Interestingly the RSA have recently published new research, which shows how, in the North of England, enterprise in the digital sector is booming. A veritable Digital Powerhouse in the North in fact.
Reading the two reports together, it is apparent that embedded in this second report from the RSA, is a development success in digital enterprise, that, it can be argued, runs across the grain of the pessimism of the Parliamentary report by the House of Commons Science and Technology Committee above.
We offer the new work, Digital Powerhouse (.pdf), using as it does the digital economy of the north of England as both metaphor and research instance to examine and make suggestions for development in what is obviously a successful arena. In spite of, not because of, education if seen through the prism of the House of Commons paper.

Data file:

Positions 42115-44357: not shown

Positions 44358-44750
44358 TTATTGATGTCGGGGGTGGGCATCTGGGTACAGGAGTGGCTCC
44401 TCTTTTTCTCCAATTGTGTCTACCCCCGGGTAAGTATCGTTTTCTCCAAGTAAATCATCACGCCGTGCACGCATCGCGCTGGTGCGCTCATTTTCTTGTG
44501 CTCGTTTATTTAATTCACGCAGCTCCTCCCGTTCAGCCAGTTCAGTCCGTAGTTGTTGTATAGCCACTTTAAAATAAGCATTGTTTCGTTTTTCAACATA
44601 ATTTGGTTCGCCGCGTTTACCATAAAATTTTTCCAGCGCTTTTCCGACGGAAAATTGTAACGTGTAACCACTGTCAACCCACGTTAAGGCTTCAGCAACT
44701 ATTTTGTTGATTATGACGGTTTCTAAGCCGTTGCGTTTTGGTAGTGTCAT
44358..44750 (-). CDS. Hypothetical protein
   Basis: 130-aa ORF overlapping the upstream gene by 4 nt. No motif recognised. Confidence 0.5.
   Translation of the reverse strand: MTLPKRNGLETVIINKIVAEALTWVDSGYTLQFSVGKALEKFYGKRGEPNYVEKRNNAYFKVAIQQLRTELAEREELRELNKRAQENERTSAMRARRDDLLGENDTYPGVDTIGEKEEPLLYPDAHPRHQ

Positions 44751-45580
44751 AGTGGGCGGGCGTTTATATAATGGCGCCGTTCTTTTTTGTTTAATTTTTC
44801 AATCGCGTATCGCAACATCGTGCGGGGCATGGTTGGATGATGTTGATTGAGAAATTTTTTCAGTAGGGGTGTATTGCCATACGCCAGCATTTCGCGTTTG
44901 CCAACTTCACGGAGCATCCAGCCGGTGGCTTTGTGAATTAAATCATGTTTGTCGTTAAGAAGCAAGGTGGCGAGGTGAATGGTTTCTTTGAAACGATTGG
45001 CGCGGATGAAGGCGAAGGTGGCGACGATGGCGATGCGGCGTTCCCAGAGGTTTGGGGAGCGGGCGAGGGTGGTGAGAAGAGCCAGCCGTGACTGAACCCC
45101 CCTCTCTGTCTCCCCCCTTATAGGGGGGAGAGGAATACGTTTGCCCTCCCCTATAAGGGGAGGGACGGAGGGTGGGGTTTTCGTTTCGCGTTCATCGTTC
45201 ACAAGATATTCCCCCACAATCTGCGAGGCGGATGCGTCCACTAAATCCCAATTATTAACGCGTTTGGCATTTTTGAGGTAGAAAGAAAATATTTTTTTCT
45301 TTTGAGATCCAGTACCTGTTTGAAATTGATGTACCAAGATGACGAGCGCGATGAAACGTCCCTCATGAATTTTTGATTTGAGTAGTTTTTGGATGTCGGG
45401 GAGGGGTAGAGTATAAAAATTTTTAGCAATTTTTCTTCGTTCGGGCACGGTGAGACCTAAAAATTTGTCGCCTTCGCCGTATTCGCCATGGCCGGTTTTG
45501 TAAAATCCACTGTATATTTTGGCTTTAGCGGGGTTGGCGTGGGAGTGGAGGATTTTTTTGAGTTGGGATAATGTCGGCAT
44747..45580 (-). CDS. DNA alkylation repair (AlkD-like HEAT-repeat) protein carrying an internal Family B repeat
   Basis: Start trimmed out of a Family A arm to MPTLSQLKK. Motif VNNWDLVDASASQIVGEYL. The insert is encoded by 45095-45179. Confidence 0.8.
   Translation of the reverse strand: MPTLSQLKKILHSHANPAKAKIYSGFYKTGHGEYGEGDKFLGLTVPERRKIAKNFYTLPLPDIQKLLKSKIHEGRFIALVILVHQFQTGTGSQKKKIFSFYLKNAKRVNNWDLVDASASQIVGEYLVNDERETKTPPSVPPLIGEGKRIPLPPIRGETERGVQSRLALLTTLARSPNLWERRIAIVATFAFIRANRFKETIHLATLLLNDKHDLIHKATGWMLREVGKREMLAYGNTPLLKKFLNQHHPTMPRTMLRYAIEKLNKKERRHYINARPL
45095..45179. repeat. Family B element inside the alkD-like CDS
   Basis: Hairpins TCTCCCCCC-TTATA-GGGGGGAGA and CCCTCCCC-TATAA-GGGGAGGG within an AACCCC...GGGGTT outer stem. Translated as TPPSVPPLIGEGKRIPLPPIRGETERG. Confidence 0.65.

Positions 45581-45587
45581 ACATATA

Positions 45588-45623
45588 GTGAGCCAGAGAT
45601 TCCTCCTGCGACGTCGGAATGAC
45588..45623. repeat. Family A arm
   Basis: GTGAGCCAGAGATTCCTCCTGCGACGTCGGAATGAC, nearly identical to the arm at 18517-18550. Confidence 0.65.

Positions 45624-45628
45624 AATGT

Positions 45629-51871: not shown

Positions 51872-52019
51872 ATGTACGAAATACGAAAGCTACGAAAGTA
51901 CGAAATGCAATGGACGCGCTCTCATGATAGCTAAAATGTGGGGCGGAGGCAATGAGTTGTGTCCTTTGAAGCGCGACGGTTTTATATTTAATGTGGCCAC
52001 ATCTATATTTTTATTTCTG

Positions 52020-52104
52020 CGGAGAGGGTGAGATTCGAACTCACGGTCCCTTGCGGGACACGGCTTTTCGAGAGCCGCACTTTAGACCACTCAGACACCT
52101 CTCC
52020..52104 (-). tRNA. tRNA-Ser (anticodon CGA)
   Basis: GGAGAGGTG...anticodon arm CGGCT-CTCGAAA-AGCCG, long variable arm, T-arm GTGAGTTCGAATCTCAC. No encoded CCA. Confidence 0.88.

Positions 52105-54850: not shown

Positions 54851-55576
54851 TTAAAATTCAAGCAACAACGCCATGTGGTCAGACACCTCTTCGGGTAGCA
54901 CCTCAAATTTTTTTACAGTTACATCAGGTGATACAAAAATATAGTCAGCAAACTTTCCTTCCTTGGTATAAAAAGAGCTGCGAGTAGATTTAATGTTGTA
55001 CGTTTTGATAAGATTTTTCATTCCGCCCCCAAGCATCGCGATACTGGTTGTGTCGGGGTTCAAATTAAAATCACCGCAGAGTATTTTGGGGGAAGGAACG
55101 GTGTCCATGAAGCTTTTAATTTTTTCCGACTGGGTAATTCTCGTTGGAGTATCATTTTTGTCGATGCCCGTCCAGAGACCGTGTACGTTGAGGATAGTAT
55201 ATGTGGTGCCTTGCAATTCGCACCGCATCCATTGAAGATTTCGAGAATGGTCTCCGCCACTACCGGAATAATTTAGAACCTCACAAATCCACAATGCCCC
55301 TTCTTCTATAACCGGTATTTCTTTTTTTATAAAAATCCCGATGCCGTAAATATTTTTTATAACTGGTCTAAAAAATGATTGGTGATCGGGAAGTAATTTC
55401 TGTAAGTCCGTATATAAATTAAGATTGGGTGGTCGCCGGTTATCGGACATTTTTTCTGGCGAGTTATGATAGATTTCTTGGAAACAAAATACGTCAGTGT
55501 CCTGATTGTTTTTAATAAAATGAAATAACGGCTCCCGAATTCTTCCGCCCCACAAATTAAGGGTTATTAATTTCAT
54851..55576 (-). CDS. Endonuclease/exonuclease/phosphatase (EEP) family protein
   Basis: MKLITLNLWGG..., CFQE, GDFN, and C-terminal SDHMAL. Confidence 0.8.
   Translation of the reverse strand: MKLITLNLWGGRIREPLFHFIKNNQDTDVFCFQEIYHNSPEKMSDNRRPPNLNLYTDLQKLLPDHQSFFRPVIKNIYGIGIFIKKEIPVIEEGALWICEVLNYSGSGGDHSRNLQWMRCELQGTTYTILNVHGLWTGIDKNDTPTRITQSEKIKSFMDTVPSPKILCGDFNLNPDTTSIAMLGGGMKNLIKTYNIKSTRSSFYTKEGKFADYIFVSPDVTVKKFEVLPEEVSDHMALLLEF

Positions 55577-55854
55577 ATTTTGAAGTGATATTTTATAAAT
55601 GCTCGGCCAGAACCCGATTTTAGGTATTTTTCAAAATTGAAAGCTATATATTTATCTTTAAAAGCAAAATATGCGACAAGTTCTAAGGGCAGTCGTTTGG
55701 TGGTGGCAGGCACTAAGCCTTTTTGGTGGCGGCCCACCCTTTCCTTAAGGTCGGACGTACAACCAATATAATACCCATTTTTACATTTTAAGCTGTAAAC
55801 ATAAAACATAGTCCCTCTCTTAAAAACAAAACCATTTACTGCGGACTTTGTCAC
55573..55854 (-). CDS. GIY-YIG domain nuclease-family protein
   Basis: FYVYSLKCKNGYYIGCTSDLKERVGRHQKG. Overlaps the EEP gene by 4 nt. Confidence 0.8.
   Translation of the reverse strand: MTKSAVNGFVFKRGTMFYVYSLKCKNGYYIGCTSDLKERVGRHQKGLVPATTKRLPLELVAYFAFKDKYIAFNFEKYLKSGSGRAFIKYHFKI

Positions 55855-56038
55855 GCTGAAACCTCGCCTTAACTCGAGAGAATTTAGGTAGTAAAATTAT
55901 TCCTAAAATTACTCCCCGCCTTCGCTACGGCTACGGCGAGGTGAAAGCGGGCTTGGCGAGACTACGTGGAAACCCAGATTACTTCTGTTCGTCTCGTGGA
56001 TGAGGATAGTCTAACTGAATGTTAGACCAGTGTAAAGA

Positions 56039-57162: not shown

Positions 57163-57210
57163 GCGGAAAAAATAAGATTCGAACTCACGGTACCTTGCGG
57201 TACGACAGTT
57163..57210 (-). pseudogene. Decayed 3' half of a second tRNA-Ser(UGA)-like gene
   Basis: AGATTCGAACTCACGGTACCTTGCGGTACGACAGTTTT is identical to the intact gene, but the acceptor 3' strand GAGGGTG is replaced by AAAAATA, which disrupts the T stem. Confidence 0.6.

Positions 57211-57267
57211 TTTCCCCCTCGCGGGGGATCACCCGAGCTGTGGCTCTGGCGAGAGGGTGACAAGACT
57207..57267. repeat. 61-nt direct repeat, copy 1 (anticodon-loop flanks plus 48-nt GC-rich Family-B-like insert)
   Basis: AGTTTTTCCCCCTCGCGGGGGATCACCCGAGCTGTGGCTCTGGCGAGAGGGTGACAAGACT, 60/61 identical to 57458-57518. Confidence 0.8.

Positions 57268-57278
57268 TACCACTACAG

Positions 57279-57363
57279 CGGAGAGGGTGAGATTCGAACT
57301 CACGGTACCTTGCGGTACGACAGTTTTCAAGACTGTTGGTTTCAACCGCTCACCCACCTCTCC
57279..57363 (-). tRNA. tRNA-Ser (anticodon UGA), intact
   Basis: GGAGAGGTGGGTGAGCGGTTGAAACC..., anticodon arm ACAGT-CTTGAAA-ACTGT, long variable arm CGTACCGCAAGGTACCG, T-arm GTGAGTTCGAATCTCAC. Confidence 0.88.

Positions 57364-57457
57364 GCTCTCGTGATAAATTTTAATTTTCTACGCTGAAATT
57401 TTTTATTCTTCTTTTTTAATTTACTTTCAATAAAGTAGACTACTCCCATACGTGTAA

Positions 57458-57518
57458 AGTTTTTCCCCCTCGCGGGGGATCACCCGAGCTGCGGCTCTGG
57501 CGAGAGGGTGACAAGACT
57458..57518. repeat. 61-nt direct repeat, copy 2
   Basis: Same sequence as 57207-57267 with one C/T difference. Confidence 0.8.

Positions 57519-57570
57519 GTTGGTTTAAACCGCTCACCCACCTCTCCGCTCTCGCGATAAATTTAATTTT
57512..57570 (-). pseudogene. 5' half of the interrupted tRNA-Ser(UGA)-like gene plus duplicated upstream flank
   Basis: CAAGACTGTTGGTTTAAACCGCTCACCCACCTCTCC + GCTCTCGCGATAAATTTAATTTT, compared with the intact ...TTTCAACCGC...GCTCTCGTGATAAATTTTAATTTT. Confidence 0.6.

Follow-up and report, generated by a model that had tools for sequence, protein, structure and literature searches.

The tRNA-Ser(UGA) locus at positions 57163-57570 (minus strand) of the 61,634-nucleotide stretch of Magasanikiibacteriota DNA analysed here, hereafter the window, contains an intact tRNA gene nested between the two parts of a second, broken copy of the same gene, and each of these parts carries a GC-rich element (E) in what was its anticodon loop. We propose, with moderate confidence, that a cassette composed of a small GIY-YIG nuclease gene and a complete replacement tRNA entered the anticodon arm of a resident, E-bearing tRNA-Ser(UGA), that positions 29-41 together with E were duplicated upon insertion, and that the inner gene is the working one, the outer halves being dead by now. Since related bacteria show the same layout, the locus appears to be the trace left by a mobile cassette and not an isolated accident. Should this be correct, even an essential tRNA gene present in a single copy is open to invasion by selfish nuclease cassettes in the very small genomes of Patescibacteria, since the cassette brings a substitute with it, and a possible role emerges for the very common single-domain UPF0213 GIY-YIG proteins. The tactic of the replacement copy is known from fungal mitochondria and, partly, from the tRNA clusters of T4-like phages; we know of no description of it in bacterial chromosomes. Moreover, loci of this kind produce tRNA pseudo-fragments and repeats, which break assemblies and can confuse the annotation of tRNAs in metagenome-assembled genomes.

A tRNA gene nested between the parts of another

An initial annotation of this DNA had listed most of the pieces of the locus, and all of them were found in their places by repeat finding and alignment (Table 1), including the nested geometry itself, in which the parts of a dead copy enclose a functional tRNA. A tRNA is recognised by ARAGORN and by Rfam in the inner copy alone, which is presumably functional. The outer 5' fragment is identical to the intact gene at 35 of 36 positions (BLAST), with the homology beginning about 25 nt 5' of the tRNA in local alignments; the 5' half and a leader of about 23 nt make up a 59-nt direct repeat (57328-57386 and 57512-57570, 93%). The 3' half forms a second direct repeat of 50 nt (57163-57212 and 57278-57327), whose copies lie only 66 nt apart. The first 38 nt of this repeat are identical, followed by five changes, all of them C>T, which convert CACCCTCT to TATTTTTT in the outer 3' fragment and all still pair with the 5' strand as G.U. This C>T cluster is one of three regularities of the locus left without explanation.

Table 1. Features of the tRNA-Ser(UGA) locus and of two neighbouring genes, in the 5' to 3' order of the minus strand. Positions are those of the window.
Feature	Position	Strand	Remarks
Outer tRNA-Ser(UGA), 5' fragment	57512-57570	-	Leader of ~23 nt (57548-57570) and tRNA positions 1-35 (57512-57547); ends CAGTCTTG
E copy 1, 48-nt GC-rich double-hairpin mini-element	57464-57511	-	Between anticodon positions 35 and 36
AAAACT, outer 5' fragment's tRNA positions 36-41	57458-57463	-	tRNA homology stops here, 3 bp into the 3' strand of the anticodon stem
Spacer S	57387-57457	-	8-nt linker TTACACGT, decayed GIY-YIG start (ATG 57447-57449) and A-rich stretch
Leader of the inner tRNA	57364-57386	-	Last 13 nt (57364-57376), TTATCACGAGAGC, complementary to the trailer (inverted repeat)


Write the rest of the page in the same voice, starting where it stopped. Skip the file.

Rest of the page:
…a succinct and user-friendly guide to help schools address prejudice, reduce bullying and promote equality holistically. Created with schools for schools, the guide is sponsored by the NASUWT, the largest teachers’ union in the UK, and has won an Innovative Practice Award 2016 from the Zero Project, for a world with zero barriers.
The work sets out to engage the whole school community, with a very strong focus on placing children at the heart of the safeguarding process. The resources included offer a range of good examples, audit tools and a wealth of links to more information to suppport project development.
‘Materials can be used for teaching and learning activities, assemblies, peer mentoring, school council, staff training, equality policy and whole school development’.
The National Association of Headteachers (NAHT) have recently published an open letter to to the Secretary of State for Education and Minister for Women and Equalities, Nicky Morgan.